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Navient, one of the largest student-loan companies, unveiled plans to end its federal loan services.
Elizabeth Warren said its exit will make the federal student-loan industry "far better off."
She cited decades of abuses by the company, including pushing borrowers into deeper debt.
The student-loan industry on Tuesday received yet another major shake-up when Navient became the third company to announce its plans to end its federal student-loan program amid a regulatory crackdown over the last year.
Massachusetts Senator Elizabeth Warren had one message for the company: good riddance.
"Navient has spent decades misleading, cheating, and abusing student borrowers," Warren told Insider in a statement. "The Federal student loan program will be far better off without them."
Navient, which collects the federal student debt of six million borrowers, said in a press release that it is working with the Education Department to approve the transition of those borrowers to another student-loan company, Maximus.
The announcement follows the Pennsylvania Higher Education Assistance Agency (PHEAA) and Granite State Management and Resources announcing in June they will be ending their servicing contracts this year. With Navient following their lead, close to 16 million borrowers will be paying their student debt to new companies once the payment pause lifts in February.
Navient CEO Jack Remondi said in a statement that "Navient is pleased to work with the Department of Education and Maximus to provide a smooth transition to borrowers and Navient employees as we continue our focus on areas outside of government student loan servicing."
Warren, who has held both PHEAA and Navient in her sight for decades, has been clear that their plans to shut down is a good thing for borrowers. She said in June that the 8.5 million borrowers serviced by PHEAA could "breathe a sigh of relief" since they would no longer have to deal with the company, and Warren told Insider in a July interview that "the days are over" when student-loan companies could do "a terrible job."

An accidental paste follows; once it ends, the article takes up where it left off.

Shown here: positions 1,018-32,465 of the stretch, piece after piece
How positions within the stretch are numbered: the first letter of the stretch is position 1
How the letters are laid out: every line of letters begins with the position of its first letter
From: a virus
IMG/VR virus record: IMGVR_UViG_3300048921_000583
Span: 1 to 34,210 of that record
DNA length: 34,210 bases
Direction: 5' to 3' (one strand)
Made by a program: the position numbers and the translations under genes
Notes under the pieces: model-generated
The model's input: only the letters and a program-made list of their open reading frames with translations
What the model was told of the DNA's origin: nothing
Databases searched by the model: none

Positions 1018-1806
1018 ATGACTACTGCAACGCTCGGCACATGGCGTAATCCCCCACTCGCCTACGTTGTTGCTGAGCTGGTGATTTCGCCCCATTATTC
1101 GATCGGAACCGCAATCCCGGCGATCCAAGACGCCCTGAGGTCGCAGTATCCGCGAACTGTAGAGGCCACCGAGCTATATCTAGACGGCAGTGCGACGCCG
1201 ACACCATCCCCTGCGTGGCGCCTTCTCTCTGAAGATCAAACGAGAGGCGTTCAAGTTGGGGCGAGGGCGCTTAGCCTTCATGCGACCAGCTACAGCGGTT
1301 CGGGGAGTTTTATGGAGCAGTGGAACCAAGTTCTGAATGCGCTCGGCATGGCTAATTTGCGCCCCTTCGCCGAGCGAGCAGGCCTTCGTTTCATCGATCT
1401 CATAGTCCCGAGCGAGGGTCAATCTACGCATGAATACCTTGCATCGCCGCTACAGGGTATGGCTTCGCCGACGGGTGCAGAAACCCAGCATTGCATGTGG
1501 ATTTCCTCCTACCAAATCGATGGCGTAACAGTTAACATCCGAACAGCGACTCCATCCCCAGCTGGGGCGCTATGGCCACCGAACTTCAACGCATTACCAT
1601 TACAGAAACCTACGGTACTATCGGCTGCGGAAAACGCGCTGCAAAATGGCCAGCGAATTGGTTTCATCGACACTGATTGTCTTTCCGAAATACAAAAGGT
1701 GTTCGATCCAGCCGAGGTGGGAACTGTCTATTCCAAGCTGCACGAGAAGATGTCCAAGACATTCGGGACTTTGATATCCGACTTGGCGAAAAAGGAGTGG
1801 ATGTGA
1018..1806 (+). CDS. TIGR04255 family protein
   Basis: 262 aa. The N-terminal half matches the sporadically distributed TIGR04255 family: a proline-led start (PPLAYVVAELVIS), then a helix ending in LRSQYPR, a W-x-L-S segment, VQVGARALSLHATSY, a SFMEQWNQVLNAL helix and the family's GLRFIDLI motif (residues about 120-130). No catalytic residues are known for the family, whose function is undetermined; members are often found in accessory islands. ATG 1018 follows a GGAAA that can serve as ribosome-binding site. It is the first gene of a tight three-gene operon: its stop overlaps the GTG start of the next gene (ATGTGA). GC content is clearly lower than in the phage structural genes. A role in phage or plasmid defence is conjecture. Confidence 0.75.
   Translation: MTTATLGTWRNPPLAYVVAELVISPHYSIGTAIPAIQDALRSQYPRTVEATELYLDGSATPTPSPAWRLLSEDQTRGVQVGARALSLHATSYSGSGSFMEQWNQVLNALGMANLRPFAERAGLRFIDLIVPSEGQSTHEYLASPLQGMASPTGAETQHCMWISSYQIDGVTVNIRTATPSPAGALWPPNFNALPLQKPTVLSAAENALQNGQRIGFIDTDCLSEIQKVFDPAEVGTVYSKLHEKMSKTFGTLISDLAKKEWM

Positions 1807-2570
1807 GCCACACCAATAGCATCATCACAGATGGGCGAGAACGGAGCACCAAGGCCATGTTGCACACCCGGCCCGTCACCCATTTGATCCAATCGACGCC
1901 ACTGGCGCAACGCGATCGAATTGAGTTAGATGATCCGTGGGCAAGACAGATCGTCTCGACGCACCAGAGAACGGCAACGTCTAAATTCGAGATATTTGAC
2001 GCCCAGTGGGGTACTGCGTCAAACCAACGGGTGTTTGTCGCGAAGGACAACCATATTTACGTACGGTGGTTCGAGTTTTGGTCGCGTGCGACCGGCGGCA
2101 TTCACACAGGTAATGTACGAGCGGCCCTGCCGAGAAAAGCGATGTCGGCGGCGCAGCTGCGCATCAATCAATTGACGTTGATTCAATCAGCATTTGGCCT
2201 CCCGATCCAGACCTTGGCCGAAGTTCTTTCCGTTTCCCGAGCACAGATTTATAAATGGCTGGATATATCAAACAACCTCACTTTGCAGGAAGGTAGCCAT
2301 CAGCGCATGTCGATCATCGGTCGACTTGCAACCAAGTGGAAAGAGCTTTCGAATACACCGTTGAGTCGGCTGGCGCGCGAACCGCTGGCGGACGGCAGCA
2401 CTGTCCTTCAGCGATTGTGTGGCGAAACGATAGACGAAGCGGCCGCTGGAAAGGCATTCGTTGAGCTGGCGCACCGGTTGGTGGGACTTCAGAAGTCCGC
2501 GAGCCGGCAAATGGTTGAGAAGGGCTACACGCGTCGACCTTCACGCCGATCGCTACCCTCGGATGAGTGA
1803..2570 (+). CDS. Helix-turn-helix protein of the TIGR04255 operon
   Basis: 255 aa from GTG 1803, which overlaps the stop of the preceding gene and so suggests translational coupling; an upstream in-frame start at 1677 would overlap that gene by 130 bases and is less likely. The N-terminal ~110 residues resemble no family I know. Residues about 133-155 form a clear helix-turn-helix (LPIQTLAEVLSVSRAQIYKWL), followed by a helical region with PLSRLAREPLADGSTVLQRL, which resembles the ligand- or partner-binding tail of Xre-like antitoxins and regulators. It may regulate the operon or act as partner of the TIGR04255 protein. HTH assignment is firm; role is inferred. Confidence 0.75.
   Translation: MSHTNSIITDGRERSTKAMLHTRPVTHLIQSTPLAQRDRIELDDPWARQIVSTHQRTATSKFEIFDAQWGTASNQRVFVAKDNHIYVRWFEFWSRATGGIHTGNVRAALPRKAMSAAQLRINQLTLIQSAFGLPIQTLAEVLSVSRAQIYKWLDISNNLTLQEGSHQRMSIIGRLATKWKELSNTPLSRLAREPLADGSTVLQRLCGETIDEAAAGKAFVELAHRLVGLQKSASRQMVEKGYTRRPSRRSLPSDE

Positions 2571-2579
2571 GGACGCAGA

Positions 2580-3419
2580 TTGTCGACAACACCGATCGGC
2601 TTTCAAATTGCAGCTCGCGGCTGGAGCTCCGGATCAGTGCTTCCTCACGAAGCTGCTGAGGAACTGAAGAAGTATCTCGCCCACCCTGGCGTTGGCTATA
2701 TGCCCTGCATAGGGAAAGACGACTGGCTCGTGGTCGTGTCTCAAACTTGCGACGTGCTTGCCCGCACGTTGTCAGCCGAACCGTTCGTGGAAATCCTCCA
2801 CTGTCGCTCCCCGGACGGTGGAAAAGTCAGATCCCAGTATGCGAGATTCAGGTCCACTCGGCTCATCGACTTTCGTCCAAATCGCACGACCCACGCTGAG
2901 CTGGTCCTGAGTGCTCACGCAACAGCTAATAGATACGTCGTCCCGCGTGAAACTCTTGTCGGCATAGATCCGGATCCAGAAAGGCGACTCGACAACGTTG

"The world has changed for student-loan-debt servicers," Warren said. "They can't sign a contract, do a lousy job, cost borrowers tons of money, and still get their contracts renewed."
Warren has been fighting to hold Navient accountable since even before she was elected to the Senate. Insider reported in April on the comprehensive history Warren has with Navient, starting in 2006 when she was interviewed on "60 Minutes" and cited Sallie Mae, as Navient was formerly known, for its abuses of the student-loan system.
Since then, she has repeatedly called out the company for unlawful practices with borrowers, like in November 2018, when Warren released an audit providing evidence of Navient's record of causing students to go into deeper student debt by "steering student borrowers into forbearance when that was often the worst financial option for them."
And most notably, during an April hearing where she invited the CEOs of all the student-loan companies to testify, she told Navient's CEO, John Remondi, that he should be fired for the abuses that happened under his leadership.
Richard Cordray, head of the Federal Student Aid (FSA) office, said during remarks at a conference earlier this month that student-loan companies are choosing to shut down rather than face more accountability. To be sure, he did not comment on specific companies but noted that "not everybody was thrilled" with his plans to strengthen oversight of the industry.
Warren told Insider that even though the three companies are ending their student-loan services, she will "continue to fight for greater accountability and better service for borrowers during and after the upcoming transitions."
"Ultimately, the student loan system is broken," Warren said. "The only way to guarantee that borrowers do not face the same predatory behavior from Navient's replacement is to cancel student debt, so that no borrower's future is held hostage by corporations profiting off their financial distress."
Read the original article on Business Insider